In several years blogging, reading and discussing events, I’ve read lots of garbage as well as excellent tips on social media. This leaves you, dear reader, with nothing but confusion.
I think it is time to get some clarity.
This post has been written by Julius Solaris for Event Manager Blog (?).
SEO, Why should you care?
If your event website plays a pivotal role in selling tickets or increasing registrations, you should care about SEO.
If your website is optimized for search it usually translates in showing up higher on Google. A typical situation may look like this:
John is a marketing professional from New York interested in online marketing. He feels like attending an event to refresh his knowledge.
John heads to Google and searches for “Online Marketing Events New York”
Usually the first 3 results are those that get attention, in a Googleistic phenomenon called the golden triangle.
The research that firstly identified the model suggests:
[…] the vast majority of eye tracking activity during a search happens in a triangle at the top of the search results page indicating that the areas of maximum interest create a “golden triangle.”[…]
If you are out of the golden triangle, you will get much less exposure. Hence you will sell fewer tickets.
How to rank higher than your competitors in Google search results?
There are a number of factors impacting Google ranking. There is also lots of speculation on what impacts the algorithm. Whenever Matt Cutts from Google speaks, hundreds of blog posts invade the Internet with brand new conspiracy theories.
There are proven factors that impact on ranking – website speed is one – but I am here to tell you that it’s been proven that Social Media has an impact on SEO.
What Social Media Impact the most?
If you have a social strategy in place, you are in a good spot. Truth is that remarkably few companies, organizations or individuals have a strategy.
I am seconding Guy Kawasaki when he says:
Because social media is still relatively new territory for most marketers, it makes sense to develop your strategy as you go along. You can’t plan what you don’t know. According to Guy, “I think ’social media planning and strategy’ is an oxymoron. Basically, you try stuff and see what sticks.”
You may have tried stuff and perhaps know by now what sticks in terms of driving traffic, for example.
You may know that if you release an early bird on Facebook you will get far more traffic than writing a post on your blog. You may know that if you tweet latest event news, you will attract an audience with more income that eventually buys tickets.
Great. What is the effect of all of the above on SEO though?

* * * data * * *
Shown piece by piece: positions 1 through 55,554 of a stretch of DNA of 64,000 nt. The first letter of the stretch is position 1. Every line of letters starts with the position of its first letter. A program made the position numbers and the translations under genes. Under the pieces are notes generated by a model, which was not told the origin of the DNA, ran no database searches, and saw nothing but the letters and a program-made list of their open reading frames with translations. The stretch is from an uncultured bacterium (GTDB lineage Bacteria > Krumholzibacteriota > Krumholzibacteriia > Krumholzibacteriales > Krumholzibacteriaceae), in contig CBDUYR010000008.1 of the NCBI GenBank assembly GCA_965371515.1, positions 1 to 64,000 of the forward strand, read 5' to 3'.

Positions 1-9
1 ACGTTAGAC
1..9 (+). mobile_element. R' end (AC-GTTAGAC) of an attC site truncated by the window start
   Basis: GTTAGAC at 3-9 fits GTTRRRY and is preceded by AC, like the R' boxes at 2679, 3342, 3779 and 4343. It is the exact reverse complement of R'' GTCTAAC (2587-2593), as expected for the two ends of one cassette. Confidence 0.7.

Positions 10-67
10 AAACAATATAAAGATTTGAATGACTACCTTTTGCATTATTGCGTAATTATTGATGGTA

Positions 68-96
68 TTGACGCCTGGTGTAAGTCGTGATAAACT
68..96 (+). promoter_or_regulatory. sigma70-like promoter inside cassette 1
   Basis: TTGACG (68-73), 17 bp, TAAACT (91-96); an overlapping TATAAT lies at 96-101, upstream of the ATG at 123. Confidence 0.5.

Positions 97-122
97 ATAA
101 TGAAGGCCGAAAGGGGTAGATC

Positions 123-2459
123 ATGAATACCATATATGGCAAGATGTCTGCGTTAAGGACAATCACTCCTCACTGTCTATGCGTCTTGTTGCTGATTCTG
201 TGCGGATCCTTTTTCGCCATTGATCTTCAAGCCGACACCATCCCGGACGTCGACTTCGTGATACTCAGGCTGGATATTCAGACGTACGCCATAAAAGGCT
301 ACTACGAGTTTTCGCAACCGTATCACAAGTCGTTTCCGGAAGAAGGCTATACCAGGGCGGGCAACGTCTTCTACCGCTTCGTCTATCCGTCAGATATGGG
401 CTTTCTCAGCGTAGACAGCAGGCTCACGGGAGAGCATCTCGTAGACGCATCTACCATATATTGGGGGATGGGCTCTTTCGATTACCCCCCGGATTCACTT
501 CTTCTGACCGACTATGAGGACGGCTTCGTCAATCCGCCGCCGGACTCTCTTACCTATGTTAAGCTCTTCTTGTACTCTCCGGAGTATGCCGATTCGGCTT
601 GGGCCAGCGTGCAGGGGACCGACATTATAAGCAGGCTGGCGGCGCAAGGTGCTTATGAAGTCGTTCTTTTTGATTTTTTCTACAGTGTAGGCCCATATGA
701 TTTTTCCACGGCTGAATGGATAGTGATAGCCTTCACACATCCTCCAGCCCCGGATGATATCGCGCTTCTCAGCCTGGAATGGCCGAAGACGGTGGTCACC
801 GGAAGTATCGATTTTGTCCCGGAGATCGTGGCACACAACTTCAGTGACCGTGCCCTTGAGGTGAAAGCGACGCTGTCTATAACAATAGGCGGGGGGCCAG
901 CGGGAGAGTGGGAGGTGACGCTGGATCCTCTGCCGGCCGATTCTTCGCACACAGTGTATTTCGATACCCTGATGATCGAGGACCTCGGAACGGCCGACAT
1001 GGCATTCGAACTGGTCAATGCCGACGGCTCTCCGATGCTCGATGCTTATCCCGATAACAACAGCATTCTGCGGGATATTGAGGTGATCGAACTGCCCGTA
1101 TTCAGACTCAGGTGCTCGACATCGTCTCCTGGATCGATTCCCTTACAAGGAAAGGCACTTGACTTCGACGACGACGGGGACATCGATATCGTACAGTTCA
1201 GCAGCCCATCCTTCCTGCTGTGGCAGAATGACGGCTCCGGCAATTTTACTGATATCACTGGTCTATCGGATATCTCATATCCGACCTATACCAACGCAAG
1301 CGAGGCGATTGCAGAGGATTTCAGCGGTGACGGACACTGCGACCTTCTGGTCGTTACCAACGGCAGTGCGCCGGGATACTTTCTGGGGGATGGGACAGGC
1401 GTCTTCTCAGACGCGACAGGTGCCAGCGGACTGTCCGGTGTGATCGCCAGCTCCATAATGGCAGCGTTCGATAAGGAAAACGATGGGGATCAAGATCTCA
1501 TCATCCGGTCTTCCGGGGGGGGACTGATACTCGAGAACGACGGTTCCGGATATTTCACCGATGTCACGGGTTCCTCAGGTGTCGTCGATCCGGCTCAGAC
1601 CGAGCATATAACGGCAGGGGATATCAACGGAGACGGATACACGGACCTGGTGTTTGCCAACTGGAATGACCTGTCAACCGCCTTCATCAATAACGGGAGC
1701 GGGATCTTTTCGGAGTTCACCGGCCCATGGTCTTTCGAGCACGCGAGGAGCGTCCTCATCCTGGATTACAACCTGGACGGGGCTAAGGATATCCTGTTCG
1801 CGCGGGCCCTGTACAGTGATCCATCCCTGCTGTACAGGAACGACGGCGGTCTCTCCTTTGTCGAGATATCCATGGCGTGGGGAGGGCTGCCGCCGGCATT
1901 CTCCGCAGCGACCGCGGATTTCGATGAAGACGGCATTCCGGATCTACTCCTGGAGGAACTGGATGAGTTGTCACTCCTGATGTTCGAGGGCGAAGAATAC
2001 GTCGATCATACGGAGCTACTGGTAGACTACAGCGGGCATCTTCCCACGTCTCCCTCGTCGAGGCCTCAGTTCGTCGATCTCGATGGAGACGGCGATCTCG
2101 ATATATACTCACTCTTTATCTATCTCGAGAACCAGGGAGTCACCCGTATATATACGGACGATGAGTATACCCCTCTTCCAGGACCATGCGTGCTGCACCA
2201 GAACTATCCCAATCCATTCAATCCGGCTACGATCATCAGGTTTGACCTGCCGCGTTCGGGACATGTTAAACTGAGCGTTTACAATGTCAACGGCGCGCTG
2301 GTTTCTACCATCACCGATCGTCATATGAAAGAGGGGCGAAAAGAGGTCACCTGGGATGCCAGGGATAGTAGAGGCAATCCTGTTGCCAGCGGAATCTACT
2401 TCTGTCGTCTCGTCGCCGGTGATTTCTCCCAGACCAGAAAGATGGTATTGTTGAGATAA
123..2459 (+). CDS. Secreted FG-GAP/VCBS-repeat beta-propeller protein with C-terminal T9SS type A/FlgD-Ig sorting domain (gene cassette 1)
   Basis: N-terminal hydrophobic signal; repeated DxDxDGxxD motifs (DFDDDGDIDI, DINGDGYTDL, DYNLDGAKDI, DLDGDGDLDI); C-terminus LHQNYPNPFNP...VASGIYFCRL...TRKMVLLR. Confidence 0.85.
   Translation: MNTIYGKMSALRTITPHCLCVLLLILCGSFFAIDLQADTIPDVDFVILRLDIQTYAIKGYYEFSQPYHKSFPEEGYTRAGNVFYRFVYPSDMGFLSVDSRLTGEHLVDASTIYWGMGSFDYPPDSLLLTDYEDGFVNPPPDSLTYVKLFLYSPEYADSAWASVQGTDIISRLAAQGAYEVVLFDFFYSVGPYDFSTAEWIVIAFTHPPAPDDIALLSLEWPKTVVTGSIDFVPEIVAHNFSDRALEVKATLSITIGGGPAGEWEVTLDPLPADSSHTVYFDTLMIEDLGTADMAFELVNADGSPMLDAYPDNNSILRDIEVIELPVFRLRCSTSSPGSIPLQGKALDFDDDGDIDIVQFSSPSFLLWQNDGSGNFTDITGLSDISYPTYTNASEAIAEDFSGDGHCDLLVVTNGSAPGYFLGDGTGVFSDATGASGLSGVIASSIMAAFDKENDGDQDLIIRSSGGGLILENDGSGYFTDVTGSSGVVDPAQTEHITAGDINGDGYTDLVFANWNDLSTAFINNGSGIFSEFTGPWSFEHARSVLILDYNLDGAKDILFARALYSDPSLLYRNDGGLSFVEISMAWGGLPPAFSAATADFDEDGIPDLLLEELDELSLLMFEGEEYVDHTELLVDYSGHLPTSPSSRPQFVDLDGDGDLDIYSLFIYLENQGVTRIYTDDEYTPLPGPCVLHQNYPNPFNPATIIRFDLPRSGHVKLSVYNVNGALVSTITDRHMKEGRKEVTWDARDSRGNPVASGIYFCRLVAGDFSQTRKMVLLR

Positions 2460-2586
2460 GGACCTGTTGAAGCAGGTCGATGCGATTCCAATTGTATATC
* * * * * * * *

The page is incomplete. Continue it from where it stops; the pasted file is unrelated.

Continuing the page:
When Google launched a ‘clean-up’ process called Panda, website ranking changed forever. Traditional SEO professionals and content farms owners got scared. This is when Social Media first appeared in SEO talks.
Most of the chats around the real impact of Social on SEO were just that, chats. Very little substance.
When subsequently Google introduced +1 and Google+, the Mountain View company clearly stated: Social will impact SEO.
While doing some research on the impact of +1 on SEO, I stumbled upon one of those oustanding posts that make blogs still the best content hubs on the Internet.
Tom Critchlow explains extremely well the impact of Social on SEO with an amazing piece of research, summed up in this graph.
You will immediately notice the prominence of Facebook Shares over any other form of social interaction.
How to take advantage of Social Media for SEO purposes
How does the research above change your strategy? Here are few tips you may want to take note of:
– Read this article about SEO for event websites
– Make sure your website has all of the main sharing/linking buttons: Facebook Like, Twitter Share, Google +1
– Stimulate your audience to Like, Retweet or +1 an item of your website. As this can be extraordinarily difficult with static areas such as registration forms, think about a content strategy that can get you more interactions.
Usually a blog is an ideal tool to increase social interactions, but you can think of competitions, giveaways and early bird offers as robust alternatives.
This is a brilliant article where to start.
– Think about introducing video. The impact of video is not only strategic to drive more Shares or Retweets but also effective in deviating the user from the golden triangle, giving you a chance to get more eyeballs.
– Measure. Get your analytics right. Know what happens once you start implementing the changes we’ve discussed.
– Cut on everything else. If you are not sure your social strategy is delivering value, just ditch it. Concentrate on the chart above and everything will make more sense.
Any other tips? Please use the comments to share yours.